I have to thank Julie for these two blog posts (Medical Student's Syndrome, I Hope and Why I Blog), which led me to this wonderful book: Songs of the Gorilla Nation: My Journey through Autism, by Dawn Prince-Hughes.
I'm interested in anthropology (though my specialty was archaeology, not biological anthropology or primates), and I'm interested in autism (partially because my son's Tourette's/OCD/ADHD shares so many similarities with Asperger's syndrome), so I was pretty certain I'd find Songs of the Gorilla Nation a fascinating read. I still think about some of the things I learned from reading Temple Grandin's Animals in Translation a couple of years ago.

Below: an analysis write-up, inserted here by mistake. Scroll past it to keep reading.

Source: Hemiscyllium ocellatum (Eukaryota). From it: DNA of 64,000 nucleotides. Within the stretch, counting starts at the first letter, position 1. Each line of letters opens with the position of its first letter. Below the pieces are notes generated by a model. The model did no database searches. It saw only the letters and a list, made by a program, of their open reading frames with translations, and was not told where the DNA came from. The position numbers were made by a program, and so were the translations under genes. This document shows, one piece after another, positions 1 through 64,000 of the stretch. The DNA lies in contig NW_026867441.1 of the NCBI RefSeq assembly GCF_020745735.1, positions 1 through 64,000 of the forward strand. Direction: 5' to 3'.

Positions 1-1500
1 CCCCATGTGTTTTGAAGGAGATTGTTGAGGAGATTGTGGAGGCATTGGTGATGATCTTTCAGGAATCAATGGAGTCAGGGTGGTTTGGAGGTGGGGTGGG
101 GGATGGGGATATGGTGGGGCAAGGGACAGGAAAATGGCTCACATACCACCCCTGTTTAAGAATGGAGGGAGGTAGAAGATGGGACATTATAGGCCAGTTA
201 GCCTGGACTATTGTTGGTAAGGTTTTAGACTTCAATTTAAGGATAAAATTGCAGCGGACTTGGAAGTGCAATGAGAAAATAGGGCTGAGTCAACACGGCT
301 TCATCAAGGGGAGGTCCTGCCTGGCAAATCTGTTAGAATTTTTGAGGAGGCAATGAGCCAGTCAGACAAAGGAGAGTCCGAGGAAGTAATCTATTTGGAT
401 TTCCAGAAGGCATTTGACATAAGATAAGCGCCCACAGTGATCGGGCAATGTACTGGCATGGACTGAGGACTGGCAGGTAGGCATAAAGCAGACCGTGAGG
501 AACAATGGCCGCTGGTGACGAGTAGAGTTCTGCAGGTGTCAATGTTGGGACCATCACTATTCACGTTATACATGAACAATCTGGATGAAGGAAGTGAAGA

But I was totally unprepared for the beautiful, lyrical writing and the heart-wrenching stories (of both the gorillas and of the author herself) in Songs of the Gorilla Nation. What a fitting title. Even the organization of the book - independent from its radiant prose - well, it just blew me away. Gorgeous. There are three parts, pulling all the stories together: A Life Without Song (Prince-Hughes' childhood, teen years, and early adulthood), The Songs of the Gorilla Nation (her years observing gorillas, what they taught her, about humans and herself), and How Can I Keep from Singing?, which is an unflinching look at biology, family, and advocacy and activism, and much more.
I learned a lot, and I loved reading this. What more can you say about a book, really? Go request that your library buy it, and then buy a copy to give to someone as a gift.